Automobile technology is always evolving and safety technologies are along for the ride! Lane departure warning systems are a new technology that is designed to prevent high-speed accidents.
The way the lane departure system (LDW) technology works is by monitoring the lane markings on the highways and sounds an alarm when the vehicle begins to deviate or swerve from its lane. The driver has the option of taking control and making a corrective action to prevent a run-off road accident or a collision with an oncoming vehicle.
The other technology, lane keeping system or lane keeping assist warning (LKS), monitors the highway markings and sounds an alarm when the vehicle moves toward them. It is a more proactive system than LDW technology.
The system monitors the lane markings and can also take corrective action on the driver’s behalf in case the driver doesn’t react to the initial warning.
Cameras mounted on the vehicle use visual information to track the highway markings. There are other systems available that utilize either radar sensors or lasers to provide the same type of safety warnings.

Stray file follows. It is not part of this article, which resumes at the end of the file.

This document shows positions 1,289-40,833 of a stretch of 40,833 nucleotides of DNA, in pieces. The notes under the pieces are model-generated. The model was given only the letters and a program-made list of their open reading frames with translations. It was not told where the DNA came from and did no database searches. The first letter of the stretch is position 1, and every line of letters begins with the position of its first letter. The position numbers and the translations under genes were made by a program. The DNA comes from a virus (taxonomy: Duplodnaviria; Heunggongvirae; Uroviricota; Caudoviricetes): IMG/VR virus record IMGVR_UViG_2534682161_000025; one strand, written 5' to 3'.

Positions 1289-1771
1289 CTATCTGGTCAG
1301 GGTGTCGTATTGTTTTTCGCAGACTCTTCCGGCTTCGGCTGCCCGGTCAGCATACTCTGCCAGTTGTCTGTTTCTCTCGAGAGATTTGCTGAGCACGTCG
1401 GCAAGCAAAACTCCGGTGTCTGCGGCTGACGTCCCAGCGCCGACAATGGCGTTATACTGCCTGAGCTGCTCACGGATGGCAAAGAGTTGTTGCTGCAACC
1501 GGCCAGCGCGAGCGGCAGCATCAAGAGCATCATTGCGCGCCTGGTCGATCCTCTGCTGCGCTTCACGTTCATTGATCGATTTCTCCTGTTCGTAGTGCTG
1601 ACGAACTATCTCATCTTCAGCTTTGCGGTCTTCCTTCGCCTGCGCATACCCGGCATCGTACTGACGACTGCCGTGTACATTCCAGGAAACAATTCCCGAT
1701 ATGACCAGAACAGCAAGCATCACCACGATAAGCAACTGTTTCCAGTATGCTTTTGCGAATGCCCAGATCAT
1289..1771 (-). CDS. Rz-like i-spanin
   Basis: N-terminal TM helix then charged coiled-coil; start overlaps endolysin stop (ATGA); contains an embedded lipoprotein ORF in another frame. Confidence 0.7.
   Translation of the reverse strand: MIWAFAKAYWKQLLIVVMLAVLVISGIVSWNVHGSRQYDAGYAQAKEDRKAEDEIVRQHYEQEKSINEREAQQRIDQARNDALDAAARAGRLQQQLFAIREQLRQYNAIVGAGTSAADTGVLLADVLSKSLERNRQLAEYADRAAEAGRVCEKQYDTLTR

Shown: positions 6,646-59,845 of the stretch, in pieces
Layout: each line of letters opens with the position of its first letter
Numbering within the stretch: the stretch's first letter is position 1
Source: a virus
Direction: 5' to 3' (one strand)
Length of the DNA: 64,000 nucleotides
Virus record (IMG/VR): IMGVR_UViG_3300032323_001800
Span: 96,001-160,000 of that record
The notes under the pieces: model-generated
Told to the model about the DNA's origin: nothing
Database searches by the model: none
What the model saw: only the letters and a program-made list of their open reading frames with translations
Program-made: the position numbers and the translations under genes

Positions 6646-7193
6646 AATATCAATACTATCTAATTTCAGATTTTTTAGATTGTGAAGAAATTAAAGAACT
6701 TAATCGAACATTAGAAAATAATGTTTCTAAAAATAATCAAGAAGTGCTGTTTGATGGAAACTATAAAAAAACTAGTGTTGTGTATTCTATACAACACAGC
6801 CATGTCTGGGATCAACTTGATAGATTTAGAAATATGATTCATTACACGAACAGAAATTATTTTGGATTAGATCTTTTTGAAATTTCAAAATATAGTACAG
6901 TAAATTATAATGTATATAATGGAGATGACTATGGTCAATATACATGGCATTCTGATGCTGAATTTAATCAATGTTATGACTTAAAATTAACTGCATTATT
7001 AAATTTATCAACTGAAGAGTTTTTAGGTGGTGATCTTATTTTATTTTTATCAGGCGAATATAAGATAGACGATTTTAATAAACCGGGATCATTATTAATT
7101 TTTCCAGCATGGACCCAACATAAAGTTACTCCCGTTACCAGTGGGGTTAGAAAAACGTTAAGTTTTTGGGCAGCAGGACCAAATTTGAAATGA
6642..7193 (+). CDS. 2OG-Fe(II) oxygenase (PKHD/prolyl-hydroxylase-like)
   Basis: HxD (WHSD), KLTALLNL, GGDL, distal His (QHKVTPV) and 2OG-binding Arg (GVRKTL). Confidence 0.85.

What are the benefits of lane departure warning systems?
The National Highway Transportation Administration found that close to 70 percent of all single vehicle highway fatalities occur because of run-off-the-road accidents. Because these accidents occur when the driver drifts out of his lane, this technology may lessen the fatality rates.
If you have a vehicle that is equipped with this technology you need to know what kind it is – whether you need to take proactive measures to prevent an accident or whether the system takes control of it on your behalf. You will also want to test it so you’re aware of when the system takes over and the alarms sound. You don’t want to be unaware when the device triggers because you’ve drifted out of your lane.
Universe Kogaku designs and manufactures optical lenses for industrial, medical, high tech and electronic applications. UKA also provides standard and custom lens assemblies for scanners, CCTV, CCD/CMOS, medical imaging, surveillance systems, machine vision and night vision systems.